But as soon as I was awake, my adrenaline kicked in. I rushed to dress and practically ran down the streets toward the bridge, about an hour before sunrise. I was all alone in the darkness. I was all set!

Competitors Show Up to Shoot Early

The key lesson here is to get to your location early and scout it out. This often means you’ll be the first to arrive and can choose the best position. Since the Charles Bridge is a honeypot location, I expected other photographers to show up.

I wanted to make sure I got the “classic shot” from exactly where I wanted. This shot would be my insurance, so that if I couldn’t come up with anything better, I’d have it in the bag. After all, this is what the client was expecting.

I got the shot, and was happy with it. When I looked up, about a half hour before sunrise, there were a dozen photographers around me, jostling for position.

The classic view of Charles Bridge, from exactly where I wanted to stand

Competitors Also Stay to Shoot Late

What I found interesting this morning, and on other mornings in iconic locations around the world, is photographers tend to turn up, shoot the classic shot, and then pack up and go.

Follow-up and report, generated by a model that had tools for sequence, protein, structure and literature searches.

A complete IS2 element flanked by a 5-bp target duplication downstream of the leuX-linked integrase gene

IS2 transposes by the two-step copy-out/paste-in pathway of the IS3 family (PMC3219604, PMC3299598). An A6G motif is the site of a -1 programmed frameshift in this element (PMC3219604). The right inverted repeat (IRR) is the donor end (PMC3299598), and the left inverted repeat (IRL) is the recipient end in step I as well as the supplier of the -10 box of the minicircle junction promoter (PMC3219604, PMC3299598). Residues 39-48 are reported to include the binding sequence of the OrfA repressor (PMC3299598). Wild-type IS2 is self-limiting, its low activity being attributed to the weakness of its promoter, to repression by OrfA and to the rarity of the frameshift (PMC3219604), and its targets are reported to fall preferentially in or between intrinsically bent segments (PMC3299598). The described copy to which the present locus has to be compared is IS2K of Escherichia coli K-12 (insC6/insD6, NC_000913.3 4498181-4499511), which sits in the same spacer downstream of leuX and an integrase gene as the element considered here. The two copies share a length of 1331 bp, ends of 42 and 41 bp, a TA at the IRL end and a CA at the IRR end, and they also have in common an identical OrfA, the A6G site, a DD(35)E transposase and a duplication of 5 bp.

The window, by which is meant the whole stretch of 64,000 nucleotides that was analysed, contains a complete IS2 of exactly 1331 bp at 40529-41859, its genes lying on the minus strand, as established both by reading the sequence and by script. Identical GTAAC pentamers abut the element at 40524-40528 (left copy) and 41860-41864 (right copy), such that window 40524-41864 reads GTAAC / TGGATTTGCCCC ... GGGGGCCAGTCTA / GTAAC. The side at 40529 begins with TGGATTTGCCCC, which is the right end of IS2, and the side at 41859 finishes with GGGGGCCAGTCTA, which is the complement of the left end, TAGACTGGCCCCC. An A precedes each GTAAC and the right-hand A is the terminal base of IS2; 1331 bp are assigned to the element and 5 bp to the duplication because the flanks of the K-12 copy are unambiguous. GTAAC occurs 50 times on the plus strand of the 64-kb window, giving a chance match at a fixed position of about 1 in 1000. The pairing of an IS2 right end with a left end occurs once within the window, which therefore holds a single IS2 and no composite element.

After about 30 minutes, I was alone again. I suppose everyone else went back to bed or to find breakfast.

But for me, my competitive nature was on fire, and it was time to figure out how to be better than the rest!

I walked around, from one end of the bridge to the other, and back. Then I walked under the tower on the main city side. That’s when I noticed the ornate frescos lit up inside the tower’s curved ceiling. I’m sure very few people notice these because they’re too busy looking at just the bridge.

This morning the light was terrible, there was no colour in the sky and it was overcast. By now daylight was quickly approaching and as the deep blue sky slowly faded, it revealed the cathedral and all the ancient buildings around it. 

A unique shot of the bridge takes a little more effort

A Fresh Composition Reveals Itself

Walking around, I discovered I could compose a shot that included the architectural details of the tower ceiling framing the bridge and buildings on the hill too.

The result was an image of the famous Charles Bridge shot from a completely different viewpoint. To this day I haven’t seen a similar composition.

I managed to get a few shots before the light in the tower switched off and the ceiling frescos vanished into the shadows.

I achieved this all because I wanted to create a better, different image.

This lesson applies to every aspect of my business: The status quo isn’t good enough. Just because that’s how something has always been done, isn’t reason enough for me to accept it and follow suit.

I wasn’t done – I went back in the evening to shoot this low-angle view


Where Does the Competitive Spirit Live? Just Outside of Your Comfort Zone

There is a quote that goes, “Life begins at the end of your comfort zone.”

I have changed this to “Business succeeds when you continually step outside your comfort zone.”

What I’ve found over the years of running successful creative businesses is that we can put a lot of effort into actions that take us a step further, and that often results in regular work.